The roof is constructed with trusses 24 inches on-center, with a 28-inch raised heel providing room for insulation over exterior walls. Roof pitches are 4-in-12 and 12-in-12. The roof sheathing is 1/2-in. spruce plywood.
Adair says costs will total about $195 (Canadian) per square foot, which he estimates is 5% to 10% more than a code-compliant house when comparing a basic shell with windows, but no cladding, trim or other finish details.
“All the interior and exterior finishes are all design details,” he explained, “and how much they cost depends on what you want. You have to be able to compare to a 2×6 wall with fiberglass in it. Yes, the owners were aware that it was going go cost more money, but the other side of that is there are no energy costs, relative to what we would think of as normal here for our climate.”
All electric design
An electric heater in the ventilation system will heat the house, supplemented by electric in-floor heat in the bathroom, and a wall convector in the kitchen, according to Nemeth. Fresh air comes from a Zehnder Novus 300 Passivhaus-certified heat-recovery ventilator, which Nemeth says has heat recovery efficiency of 93%. Ducts are semi-rigid high-density polyethylene.
Because of roof overhangs and other ventilation features, mechanical cooling wasn’t deemed necessary.
- Below grade insulation: Twelve inches of Type II EPS under the basement slab; 12 inches of PlastiSpan 40 psi underneath the footings; 10 inches of Type II EPS on the exterior of the ICF foundation walls; and 12 in. of Type II EPS on the exterior of the footing.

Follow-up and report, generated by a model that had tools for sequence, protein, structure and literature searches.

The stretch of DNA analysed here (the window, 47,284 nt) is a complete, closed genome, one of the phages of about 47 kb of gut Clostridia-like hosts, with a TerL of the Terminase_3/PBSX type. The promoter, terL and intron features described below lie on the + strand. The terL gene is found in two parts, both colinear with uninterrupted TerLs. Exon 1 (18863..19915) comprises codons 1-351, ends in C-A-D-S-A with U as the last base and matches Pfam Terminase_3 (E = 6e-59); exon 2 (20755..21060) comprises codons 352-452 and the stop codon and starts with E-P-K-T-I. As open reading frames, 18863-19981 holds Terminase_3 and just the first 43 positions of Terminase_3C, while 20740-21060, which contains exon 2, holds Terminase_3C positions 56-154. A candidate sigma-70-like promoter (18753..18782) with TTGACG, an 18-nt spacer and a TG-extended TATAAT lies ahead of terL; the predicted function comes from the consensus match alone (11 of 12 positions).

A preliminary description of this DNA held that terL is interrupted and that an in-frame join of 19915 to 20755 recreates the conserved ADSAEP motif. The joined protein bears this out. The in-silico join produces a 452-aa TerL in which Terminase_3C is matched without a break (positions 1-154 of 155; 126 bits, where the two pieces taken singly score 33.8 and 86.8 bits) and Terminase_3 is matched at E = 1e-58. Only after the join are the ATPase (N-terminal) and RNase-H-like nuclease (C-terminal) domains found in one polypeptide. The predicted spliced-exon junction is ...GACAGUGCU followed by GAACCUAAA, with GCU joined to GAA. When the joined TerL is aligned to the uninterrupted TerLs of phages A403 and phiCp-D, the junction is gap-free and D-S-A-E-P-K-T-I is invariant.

- Wall and roof insulation: Above grade walls have a total of 17.5 in. of dense-pack cellulose (R-66). The roof is insulated with 30 in. of loose-fill cellulose (R-100).
- Windows: Gaulhofer Energy Line 85 Plus, triple-glazed units. The windows are set about 8 inches in from the outside face of the wall.
- Domestic hot water: Electric tank heater. Drain water heat recovery should capture about 25% of the energy used to heat the water. When prices come down, a heat pump water heater could replace the conventional unit.
- A condensing clothes dryer means one less penetration in the building envelope and, Nemeth adds, an induction range in the kitchen “offers the performance of gas without the exhaust and make-up-air penalty, not to mention safety.”
- Renewable energy: A roof-mounted photovoltaic array with a capacity of 4kw, plus the potential for adding another 3kw of PV on the garage roof.
- Air tightness: A blower door test on Feb. 2 found an air leakage rate of 0.37 air changes per hour at a pressure difference of 50 Pascals–about half of what’s permitted by the Passivhaus standard. As good as that is, Adair says some further tightening is possible.
Advice from an old hand
One of the delights of this project for Adair has been his encounters with Harold Orr, who led the Conservation House project and regularly shows up at the Saskatoon job site where Adair is working.